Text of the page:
Fermentation is an ancient form of food preservation, the healing properties of which have been appreciated by many cultures for centuries.
Fermentation is an ancient form of food preservation, the healing properties of which have been appreciated by many cultures for centuries. Examples of traditional fermented foods are Japanese fermented pickles, Korean kimchi and German sauerkraut. More common everyday fermented (or ‘cultured’ in diary) foods such as yoghurt, sourdough breads, dill pickles and miso all also aid digestion.
From a Chinese medicine view, sour flavours support the liver energy and move stagnation of Qi, both of which will help keep the digestion going. Many people suffer from stagnation in the intestine. Sedentary lifestyles, emotional issues and too much damp-forming food such as sugar and alcohol add to the problem. Even so-called healthy juices and raw (unfermented) foods can cause stagnation in the intestines leading to a weakened and compromised digestive system, bloating, gas and discomfort.
I have written a great deal in the past about raw foods and their role in our diet and I only advocate eating raw fruit and vegetables and salads early in the day so they can be digested properly. Hence my no raw after 4pm rule. I never advocate a diet entirely based on raw foods and juices, even for a short period of time. Many traditional societies include raw, enzyme-rich food in their diets. However food which has been fermented or cultured before being eaten has improved enzyme content and the digestibility of it is much higher. It is, if you like, pre-digested.
Our ability to receive nourishment from our food requires that we have good digestion and that we are emotionally balanced. We can eat the best diet in the world, but if we have poor digestion then we are unlikely to improve our health by diet alone. Equally, if we are obsessive, anxious and stressed about food, this will impact on how well we receive nourishment from it. So it is important that we give the body a helping hand in order to improve our ability to receive. Adding some fermented food to the diet is one way to help improve the digestive function. Nutritionist Victoria Wells says: “Fermentation produces food that is nutrient-dense and rich in probiotics and enzymes. Vitamin C and certain B vitamins can be synthesised during the fermentation process. The probiotics in fermented food may play a crucial role in nourishing our gut flora, often referred to as the forgotten organ. Gut flora influences thedevelopment and function of the immune system and promotes healthy gastrointestinal function. Fermented foods are often more easily digestible having been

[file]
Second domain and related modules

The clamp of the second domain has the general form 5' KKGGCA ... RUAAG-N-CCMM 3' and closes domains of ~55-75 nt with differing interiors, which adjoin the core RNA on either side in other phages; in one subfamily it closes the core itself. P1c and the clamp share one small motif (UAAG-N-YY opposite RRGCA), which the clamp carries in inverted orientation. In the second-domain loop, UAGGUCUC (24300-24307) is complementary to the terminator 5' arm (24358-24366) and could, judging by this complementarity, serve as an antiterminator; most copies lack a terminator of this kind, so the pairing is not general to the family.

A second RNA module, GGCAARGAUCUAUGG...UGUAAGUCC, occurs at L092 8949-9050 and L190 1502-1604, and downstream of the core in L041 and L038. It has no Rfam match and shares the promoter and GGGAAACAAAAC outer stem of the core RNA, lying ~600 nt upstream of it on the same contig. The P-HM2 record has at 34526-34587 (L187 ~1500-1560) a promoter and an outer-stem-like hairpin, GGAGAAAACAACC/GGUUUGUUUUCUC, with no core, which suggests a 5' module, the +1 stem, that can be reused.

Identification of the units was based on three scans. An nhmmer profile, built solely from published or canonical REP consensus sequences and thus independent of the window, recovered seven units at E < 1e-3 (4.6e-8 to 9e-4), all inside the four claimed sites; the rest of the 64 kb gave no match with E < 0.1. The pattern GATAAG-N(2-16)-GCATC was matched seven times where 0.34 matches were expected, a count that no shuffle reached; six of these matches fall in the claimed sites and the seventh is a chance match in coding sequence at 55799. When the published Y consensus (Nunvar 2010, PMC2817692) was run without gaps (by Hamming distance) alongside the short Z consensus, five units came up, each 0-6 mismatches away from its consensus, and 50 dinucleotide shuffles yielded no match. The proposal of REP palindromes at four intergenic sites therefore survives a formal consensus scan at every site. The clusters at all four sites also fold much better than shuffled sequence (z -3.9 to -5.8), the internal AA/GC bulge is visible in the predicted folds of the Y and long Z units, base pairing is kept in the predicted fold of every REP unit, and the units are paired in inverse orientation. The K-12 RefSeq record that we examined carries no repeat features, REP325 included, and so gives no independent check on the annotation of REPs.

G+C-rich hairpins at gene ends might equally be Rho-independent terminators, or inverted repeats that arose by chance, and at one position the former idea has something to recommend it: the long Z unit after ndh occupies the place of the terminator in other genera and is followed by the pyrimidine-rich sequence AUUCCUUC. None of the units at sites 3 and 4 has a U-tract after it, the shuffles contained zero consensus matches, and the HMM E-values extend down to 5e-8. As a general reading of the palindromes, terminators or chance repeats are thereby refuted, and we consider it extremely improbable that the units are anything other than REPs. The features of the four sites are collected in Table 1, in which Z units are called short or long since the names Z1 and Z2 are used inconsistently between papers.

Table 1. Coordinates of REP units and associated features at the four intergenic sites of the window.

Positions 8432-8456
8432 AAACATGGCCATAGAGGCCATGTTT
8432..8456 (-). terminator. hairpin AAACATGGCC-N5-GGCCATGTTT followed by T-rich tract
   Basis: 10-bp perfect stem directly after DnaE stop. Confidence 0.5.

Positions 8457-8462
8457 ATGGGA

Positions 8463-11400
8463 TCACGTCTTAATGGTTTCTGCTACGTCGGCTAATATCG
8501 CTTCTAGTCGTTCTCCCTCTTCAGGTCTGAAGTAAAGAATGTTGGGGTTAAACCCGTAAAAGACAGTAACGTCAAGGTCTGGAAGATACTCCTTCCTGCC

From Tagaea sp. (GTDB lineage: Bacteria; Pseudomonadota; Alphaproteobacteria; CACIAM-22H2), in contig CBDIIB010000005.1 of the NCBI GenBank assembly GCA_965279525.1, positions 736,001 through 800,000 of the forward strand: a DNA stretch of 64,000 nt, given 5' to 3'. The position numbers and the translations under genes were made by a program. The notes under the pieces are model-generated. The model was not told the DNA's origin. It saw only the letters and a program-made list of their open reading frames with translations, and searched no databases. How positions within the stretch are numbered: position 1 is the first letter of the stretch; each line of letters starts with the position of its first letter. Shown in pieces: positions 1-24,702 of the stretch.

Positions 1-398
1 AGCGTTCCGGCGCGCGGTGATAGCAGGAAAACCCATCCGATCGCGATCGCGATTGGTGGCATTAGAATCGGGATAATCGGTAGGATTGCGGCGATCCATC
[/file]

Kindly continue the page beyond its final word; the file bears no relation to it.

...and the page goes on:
Making meal times peaceful and joyful and giving time over to eating and digesting is also vital. There are several ways we can block our ability to receive nourishment; deep-rooted feeling of worthiness, lack of compassion for ourselves and our needs, or a lack of mothering in our past. These are important issues to address. Mindful eating is also key; spend time savouring food and really enjoying the sensations of taste, texture and aroma, all of which add to the experience of eating and digesting.
5 WAYS TO INCLUDE FERMENTED FOODS
HOW TO MAKE SAUERKRAUT
Sauerkraut directly translated: “sour cabbage”
1 Shred a white cabbage finely and place in a large bowl
2 Lightly sprinkle sea salt (you do not need precise measurements with fermentation)
3 Squeeze and knead the cabbage to release its natural juice
4 Transfer the chopped cabbage with the released juice to a jar or traditional fermentation crock
5 Pack the cabbage in tightly and press really hard to eliminate air bubbles and ensure the cabbage is submerged. It may need to be weighed down. Seal the jar
6 Open the lid daily to release built-up pressure
7 Cabbage ferments quickly at room temperature and the sauerkraut will be ready to eat in 3-5 days but will continue to ferment and develop in flavour for longer
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